When I started the dive on the Edith Bosselmann with my buddy, the visibility was not so good in the first 15m. But down on the wreck, visibility was about 12m. However, at 3°C, it was freezing cold at the bottom.
The wreck itself was positioned on its port side and partially covered by fishing gear. At the bottom, the lower part of the ship’s compass was clearly recognizable. After a short reconnoitre of the cargo holds, we swam towards the stern and noticed the propellers and rudder. The dive on the Edith Bosselmann was a good warm-up for our dive on the SMS Carl Friedrich the next day.
After our dive on the Edith Bosselman, we prepared the rebreathers again, as we had to leave early the next day. The boat trip to the wreck took more than five hours for the one-way journey. Including the diving, we would certainly be on the move for 13 to 15 hours. However, we were lucky again with the weather, and the trip went smoothly.
The dive plan was such that Auwera and I would be the first team to launch. We did a final inspection of the equipment and jumped into the water to start our descent. At a depth of 15m, I started to feel the cold temperature of the water. But because it was our second dive, we were already a bit adapted to the cold, so it was not so bad.
The wreck was at a maximum depth of 82m, but when we landed on the bottom, we could not distinguish the wreck in the dark. We swam around to try and find it, because the downline could not be far from the wreck. After swimming around for 10 minutes, we decided to ascend. When we had risen about 15m, we suddenly saw the wreck and swam across the port side to the midship section. Here, we immediately saw the large guns that were turned outwards. It was a beautiful sight in the light of the camera lights, because the wreck was almost clear of marine growth.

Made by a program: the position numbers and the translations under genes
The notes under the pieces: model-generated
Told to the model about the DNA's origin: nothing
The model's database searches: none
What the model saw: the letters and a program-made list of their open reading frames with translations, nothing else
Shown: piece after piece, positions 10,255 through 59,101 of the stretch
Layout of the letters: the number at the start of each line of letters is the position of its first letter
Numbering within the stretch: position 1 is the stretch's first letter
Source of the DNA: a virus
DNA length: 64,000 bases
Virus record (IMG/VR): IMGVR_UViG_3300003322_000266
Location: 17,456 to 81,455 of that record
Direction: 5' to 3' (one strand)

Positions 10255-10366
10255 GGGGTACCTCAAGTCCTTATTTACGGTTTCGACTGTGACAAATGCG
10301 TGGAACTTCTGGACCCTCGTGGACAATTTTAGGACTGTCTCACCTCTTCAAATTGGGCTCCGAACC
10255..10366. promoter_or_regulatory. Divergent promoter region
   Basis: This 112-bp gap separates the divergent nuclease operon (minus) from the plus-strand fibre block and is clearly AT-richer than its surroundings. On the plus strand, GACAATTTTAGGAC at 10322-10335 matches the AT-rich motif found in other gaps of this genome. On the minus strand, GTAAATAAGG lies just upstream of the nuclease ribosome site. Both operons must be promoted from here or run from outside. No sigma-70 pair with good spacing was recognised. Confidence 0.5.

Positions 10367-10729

Even pile worms cannot tolerate this cold water, and that was the reason why the wood, which was still on the deck, appeared like new. All the details, such as the ship's lights, were clearly visible on this wreck, which made it unique for a ship from the First World War.
We had a maximum bottom time of 25 minutes, and these were now used up, so we had to start our ascent. For the next two days, we went back to the wreck.
Our second dive was the best of all the dives because we managed to swim towards the bow of the wreck where we found a bronze plate with an eagle on it. On our way towards the bow, we filmed the bollards and various other parts; however, the view of the beautiful bronze eagle on the plate was the highlight of all the dives to the wreck. This alone made the trip to Lithuania more than worth it!
In search of the stern
During the last dive, we wanted to explore the stern and the bridge. The visibility was a lot less this time when we descended. The many fishing nets on the wreck made it a dangerous business, if one did not pay attention. We had landed back at the big guns, but a few meters farther on, we could see one of the smaller guns that was placed on the side of the ship.
We swam away from the sea bottom as there was a big silt cloud that reduced the visibility to almost zero. Here, we found various grenades, which were scattered over this part of the seabed. However, there was no sign of the propellers and some other parts of the ship. The part where the bridge was supposed to be was probably under a layer of mud, which was regrettable. In the future, an expedition will be undertaken to remove the fishing nets from the wrecks in Lithuania. ■
Having dived over 400 wrecks, Vic Verlinden is an avid, pioneering wreck diver, award-winning underwater photographer and dive guide from Belgium. His work has been published in dive magazines and technical diving publications in the United States, Russia, France, Germany, Belgium, United Kingdom and the Netherlands. He is the organizer of the tekDive-Europe technical dive show. See: tekdive-europe.com.